The specialist FE sector should have its own clear ministerial brief

The status quo of specialist further education falling through the cracks of ministerial responsibility has gone on for long enough

The status quo of specialist further education falling through the cracks of ministerial responsibility has gone on for long enough

24 Mar 2024, 5:00

Whenever the election takes place, it is essential that the next government take a more coordinated approach to specialist FE. Clear lines of responsibility are needed to truly support young people with special educational needs and disabilities (SEND).

Specialist FE colleges play a vital role within the wider FE and Skills sector for 16-25 year-olds with complex needs. But they are often overlooked because of a disconnect between responsibility for SEND, which lies with the minister for children, families and wellbeing, and responsibility for FE, overseen by the minister for skills, further and higher education.

The SEND and alternative provision improvement plan pledged better integration of specialist colleges with FE and SEND policies. But meaningful steps have not yet been taken.

As a result, there is poor coordination and policy fragmentation for SEND in FE. The left hand doesn’t know what the right is doing. Schools dominate SEND policy and FE is often overlooked. Local authority schools forums make decisions on high needs budgets, and according to research by Special Needs Jungle high needs provision capital allocations will create just 160 places in FE – less than on per cent of the 20,000 new specialist places being created.

Meanwhile, there is a similar lack of consideration of SEND within FE policy. The recent change to the condition of funding rules demonstrate this with a one-size-fits-all approach that overlooks diverse and complex learning needs.

In a survey of 46 Natspec colleges, 91 per cent said that the new minimum teaching hours would have a negative impact on some or all of their students who are studying qualifications. Nearly 81 per cent said that the requirement for “stand-alone, whole-class, in-person teaching” would have a negative impact due to the importance of a person-centred approach, small groups and 1:1 interventions.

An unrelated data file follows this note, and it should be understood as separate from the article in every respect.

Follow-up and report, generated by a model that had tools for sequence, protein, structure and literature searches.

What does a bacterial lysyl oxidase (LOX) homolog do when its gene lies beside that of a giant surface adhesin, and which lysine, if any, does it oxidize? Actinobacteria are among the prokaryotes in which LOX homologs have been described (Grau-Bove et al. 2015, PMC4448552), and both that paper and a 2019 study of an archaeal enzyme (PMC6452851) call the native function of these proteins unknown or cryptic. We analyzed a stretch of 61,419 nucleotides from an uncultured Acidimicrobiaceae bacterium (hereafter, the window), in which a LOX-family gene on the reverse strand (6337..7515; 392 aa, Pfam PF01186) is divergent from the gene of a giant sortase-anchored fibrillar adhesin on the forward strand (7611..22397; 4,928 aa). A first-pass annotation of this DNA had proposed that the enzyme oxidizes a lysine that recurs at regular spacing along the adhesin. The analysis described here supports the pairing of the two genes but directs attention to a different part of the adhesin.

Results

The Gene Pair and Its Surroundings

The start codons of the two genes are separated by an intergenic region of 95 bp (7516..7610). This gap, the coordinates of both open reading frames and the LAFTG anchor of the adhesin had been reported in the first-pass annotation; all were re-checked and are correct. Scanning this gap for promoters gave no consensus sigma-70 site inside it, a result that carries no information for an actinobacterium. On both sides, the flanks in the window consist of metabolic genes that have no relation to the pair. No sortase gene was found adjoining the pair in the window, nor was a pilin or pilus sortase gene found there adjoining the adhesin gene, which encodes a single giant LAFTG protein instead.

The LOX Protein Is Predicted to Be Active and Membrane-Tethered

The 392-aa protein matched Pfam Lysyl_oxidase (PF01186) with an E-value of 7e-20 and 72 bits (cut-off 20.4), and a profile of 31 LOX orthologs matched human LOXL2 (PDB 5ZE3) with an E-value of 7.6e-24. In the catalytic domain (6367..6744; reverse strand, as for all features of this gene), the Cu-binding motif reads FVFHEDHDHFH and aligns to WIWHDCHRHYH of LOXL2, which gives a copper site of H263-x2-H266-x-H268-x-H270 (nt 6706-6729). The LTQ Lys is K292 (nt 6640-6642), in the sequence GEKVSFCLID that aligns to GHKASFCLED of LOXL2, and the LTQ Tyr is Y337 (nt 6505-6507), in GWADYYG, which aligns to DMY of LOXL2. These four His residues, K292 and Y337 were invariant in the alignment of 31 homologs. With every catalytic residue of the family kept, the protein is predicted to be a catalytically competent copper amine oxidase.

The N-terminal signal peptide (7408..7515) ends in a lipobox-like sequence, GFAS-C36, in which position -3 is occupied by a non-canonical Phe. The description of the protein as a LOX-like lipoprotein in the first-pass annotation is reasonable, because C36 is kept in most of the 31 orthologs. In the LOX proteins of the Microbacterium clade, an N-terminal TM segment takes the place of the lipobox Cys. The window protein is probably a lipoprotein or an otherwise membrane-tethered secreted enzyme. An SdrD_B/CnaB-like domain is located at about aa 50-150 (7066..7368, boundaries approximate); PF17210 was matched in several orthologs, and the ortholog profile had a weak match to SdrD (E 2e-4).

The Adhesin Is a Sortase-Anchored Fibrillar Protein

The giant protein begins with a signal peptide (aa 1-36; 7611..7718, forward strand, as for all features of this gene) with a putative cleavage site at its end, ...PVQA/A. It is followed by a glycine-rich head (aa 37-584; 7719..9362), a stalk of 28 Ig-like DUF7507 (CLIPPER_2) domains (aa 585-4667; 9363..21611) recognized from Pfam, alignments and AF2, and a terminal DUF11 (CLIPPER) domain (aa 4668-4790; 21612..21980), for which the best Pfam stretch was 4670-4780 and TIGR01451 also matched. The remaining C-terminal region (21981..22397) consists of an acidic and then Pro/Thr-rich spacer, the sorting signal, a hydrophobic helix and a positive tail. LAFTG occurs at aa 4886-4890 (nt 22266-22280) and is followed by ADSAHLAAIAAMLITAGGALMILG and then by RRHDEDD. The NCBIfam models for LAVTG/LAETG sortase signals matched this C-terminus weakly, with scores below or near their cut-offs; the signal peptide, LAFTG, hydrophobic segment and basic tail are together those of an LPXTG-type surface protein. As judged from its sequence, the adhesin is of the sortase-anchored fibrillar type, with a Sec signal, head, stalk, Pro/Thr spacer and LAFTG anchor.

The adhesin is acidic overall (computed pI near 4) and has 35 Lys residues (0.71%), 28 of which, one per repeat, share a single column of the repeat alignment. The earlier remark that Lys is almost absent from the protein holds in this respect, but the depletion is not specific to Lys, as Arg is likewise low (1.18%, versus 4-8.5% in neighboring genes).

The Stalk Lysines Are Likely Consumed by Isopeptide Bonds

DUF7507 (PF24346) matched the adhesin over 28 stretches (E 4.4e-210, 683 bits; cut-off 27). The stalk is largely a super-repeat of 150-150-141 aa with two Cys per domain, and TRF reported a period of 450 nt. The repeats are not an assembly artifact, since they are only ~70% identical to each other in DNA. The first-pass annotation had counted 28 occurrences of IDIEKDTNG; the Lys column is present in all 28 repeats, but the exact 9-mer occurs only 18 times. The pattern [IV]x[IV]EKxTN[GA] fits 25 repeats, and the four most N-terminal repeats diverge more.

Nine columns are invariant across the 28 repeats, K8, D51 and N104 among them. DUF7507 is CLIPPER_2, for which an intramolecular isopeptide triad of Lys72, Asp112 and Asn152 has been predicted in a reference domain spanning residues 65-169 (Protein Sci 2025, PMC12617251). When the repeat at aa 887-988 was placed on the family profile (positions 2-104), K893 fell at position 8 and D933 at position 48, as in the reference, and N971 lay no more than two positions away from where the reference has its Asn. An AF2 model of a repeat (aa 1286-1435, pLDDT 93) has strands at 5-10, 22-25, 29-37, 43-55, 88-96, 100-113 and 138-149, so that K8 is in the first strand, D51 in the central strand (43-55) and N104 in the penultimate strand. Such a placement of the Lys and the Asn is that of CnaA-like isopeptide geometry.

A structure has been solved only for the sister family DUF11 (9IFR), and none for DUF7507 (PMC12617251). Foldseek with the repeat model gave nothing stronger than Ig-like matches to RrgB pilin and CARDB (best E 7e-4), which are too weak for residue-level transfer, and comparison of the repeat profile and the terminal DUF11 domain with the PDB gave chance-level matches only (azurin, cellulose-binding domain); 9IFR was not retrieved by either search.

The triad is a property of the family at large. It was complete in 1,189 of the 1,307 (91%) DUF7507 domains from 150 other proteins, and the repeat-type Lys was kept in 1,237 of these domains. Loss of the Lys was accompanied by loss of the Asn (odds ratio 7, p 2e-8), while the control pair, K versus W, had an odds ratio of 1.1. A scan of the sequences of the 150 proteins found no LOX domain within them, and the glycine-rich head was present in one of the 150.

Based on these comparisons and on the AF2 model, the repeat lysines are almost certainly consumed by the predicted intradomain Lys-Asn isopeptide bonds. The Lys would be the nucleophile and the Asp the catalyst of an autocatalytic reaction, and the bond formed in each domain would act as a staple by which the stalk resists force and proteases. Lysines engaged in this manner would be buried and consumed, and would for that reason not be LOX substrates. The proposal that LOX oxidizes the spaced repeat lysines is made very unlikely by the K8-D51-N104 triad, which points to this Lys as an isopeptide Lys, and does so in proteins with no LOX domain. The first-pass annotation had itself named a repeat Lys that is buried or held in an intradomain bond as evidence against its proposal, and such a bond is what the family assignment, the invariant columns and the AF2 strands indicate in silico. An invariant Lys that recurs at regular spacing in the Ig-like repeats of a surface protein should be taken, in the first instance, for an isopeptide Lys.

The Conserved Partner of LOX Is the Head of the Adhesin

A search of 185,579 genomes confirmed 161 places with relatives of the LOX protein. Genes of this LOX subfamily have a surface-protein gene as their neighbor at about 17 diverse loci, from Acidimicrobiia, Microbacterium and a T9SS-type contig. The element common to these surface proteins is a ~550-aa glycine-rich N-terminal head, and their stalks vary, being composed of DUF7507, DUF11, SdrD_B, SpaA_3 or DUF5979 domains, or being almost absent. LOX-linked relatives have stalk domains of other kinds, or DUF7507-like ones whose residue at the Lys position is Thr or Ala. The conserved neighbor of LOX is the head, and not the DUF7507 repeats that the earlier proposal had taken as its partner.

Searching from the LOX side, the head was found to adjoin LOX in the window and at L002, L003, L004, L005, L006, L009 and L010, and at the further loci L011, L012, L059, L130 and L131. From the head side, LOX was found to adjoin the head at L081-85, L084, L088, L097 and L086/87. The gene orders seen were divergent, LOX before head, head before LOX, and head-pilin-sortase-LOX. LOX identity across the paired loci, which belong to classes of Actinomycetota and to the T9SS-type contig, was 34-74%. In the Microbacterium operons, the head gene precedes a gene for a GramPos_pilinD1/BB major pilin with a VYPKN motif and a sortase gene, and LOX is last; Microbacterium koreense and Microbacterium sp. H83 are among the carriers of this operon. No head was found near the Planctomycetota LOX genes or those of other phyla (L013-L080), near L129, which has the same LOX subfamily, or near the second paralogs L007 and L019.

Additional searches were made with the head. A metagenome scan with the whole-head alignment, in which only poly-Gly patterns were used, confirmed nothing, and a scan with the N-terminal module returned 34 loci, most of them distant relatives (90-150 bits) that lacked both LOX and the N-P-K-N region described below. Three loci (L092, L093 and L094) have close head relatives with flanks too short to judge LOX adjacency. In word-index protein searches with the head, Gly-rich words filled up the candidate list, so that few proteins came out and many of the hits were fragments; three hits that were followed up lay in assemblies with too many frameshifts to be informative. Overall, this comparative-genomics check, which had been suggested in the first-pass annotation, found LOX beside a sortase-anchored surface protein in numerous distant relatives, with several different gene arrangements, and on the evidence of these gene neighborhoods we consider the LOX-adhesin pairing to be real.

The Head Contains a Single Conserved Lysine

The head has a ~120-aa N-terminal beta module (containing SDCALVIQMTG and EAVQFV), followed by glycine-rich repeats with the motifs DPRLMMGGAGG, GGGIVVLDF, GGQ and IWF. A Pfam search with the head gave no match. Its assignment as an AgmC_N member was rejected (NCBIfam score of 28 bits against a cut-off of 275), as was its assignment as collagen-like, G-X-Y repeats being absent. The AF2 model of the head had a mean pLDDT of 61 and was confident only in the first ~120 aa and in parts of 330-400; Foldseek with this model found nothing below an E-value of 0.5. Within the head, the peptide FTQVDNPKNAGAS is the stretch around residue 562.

Overcoming neglect requires a unified strategy

Such neglect of SEND within FE policy has also resulted in underfunding. Despite being entirely state-funded, specialist colleges are not in scope for FE capital funds at all, and receive an average of just £40,000 annually for all their capital needs – a drop in the ocean. They depend on donations, fundraising and reserves to maintain and repair aging buildings.

Failing to co-ordinate across briefs leads to inefficiencies, limited accountability and policy fragmentation. Specialist colleges are under-valued and fall between two stools, with each Department for Education (DfE) minister wrongly presuming the other is primarily responsible for SEND in FE.

Neither the two ministers nor their officials offer any clear leadership, and they do not appear to be working actively together to ensure a joined-up policy for the sector. We often find ourselves signposted to different teams, each with a limited understanding of either FE and Skills, or SEND.

Recent discussions with Robert Halfon indicate ministers are beginning to recognise the issue. The Labour Party has also shown a promising commitment to a ‘joined up’ approach to specialist FE. Seema Malhotra MP, the shadow minister for skills spoke at Natspec’s 2024 manifesto launch, also attended by Helen Hayes MP, the shadow minister for children and early years.

However, we need more than talk. Overcoming the neglect of specialist FE requires a unified strategy.

Specialist FE providers should be formally, firmly and overtly placed within the minister for skills and FE’s brief. That minister should be the main point of contact for specialist FE and also be responsible for ensuring that the minister for children, families and wellbeing considers the needs of FE providers within 0-25 SEND policy. No more being passed from pillar to post. 

In addition, there should be regular joint meetings between the specialist FE sector and both ministers. They should mandate their two DfE teams to collaborate, ensuring that no FE policy is introduced without consideration of learners with SEND, and no SEND policy is introduced without consideration of FE, including specialist provision.

An inclusive, bold strategy is overdue. Allocating responsibility, with methods of collaboration across ministerial briefs baked in, is essential – not only to support the sector but to support the government’s own goals of reducing the disability employment gap and encouraging economic growth.

The next government must actively champion specialist FE with clear, dedicated leadership and accountability so that specialist FE no longer falls through the cracks.

Your thoughts

Leave a Reply

Your email address will not be published. Required fields are marked *